Last week, I talked about how we deploy each day and some of the nuances of how we operate. There are some underlying principles that we follow that are related, in that they dictate how we operate with regards to safety of our employees and/or the beach going public.

These give a look behind the curtain of how we make many of our staffing and operational decisions. I’d like to share a few of these with you.

We try to have at least a 1-to-1 victim to rescuer ratio. So, if there are five victims, we try to have a minimum of five rescuers respond and one additional one to stay on shore as a communication link and incident commander. There are times this is impossible, and one of our guards must attempt to save two or more people. This is possible but dangerous for the rescuer and the victims.

We’ve had a couple of incidents in recent history where the guard was overcome, but fortunately, help was close by. Making a water rescue is a risky thing and that’s a big part of why we try so hard to prevent situations from developing that could end up in a rescue.

Stretching our guards too thin is another risk. We attempt to ensure guards don’t work too many hours in a day or in a week. Exhaustion not only leads to inattention, but to a reduction in the physical ability we must maintain to work long days and undertake strenuous tasks, like a rescue. There are many things we practice that help, such as scheduling four guards for each three towers so one can work an early shift and then give breaks to the other guards later in the day.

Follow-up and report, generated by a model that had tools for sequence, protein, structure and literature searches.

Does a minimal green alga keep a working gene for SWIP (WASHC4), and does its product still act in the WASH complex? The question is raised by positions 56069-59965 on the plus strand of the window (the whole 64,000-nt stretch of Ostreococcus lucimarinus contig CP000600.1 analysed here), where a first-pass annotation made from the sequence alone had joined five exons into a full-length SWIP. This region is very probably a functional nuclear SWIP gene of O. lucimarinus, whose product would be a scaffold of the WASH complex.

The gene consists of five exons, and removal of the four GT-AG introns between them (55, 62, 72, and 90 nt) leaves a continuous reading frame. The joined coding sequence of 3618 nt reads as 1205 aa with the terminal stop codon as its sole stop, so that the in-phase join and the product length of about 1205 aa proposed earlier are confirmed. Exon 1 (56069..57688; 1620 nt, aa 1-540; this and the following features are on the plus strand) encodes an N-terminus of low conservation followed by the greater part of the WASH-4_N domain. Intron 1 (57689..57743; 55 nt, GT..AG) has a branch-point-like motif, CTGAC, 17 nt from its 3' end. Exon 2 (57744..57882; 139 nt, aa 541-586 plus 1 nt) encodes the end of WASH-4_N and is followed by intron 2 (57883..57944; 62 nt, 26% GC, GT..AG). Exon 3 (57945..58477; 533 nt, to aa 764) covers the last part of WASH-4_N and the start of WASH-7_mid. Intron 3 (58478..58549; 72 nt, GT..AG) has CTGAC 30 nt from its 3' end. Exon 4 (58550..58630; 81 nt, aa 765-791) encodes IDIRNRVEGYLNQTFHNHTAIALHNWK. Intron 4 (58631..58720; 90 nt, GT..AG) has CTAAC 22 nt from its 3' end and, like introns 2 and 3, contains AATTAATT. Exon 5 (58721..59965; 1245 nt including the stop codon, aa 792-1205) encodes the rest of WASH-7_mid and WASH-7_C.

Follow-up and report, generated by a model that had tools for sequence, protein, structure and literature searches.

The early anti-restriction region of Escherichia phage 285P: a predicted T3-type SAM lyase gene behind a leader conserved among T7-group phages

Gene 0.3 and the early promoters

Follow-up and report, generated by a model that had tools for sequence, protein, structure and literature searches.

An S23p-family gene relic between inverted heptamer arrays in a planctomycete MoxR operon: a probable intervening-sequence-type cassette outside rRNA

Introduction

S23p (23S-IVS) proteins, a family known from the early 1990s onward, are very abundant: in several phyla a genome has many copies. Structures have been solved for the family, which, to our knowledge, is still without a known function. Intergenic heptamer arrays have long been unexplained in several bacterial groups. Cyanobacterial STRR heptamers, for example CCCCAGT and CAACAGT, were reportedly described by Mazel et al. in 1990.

Whenever possible we work in teams. Two people to a truck or guards working adjacent to each other allows us to watch each other’s back and protect the public when some of us are tied up with an emergency. This applies to the zone system of coverage we have with vehicles and tower guards.

If a truck is out for more than five minutes on something, the other vehicles shift coverage, so they always have every part of the guarded beach covered in case something else happens. The result of quick backup for guards or response to emergencies definitely saves a number of lives each year.

Finally, lifeguard health and safety are critical. It’s a big part of why the guards have a daily fitness and skills training session each day. There’s a real cost to letting our staff get exhausted, dehydrated or overworked. With lifeguarding, it’s all about focus, and people can’t consistently pay attention when they’re burned out.

The result of ignoring this has a clear result in number of injuries, staff retention, missed workdays, etc. If a guard doesn’t come to work or isn’t sharp in this job, it’s a real different thing than feeling tired or listless at a normal job.

Peter Davis is chief of the Galveston Island Beach Patrol. The views in this column are Davis’ and do not necessarily represent those of the Beach Patrol, Galveston Park Board of Trustees or any other entity.

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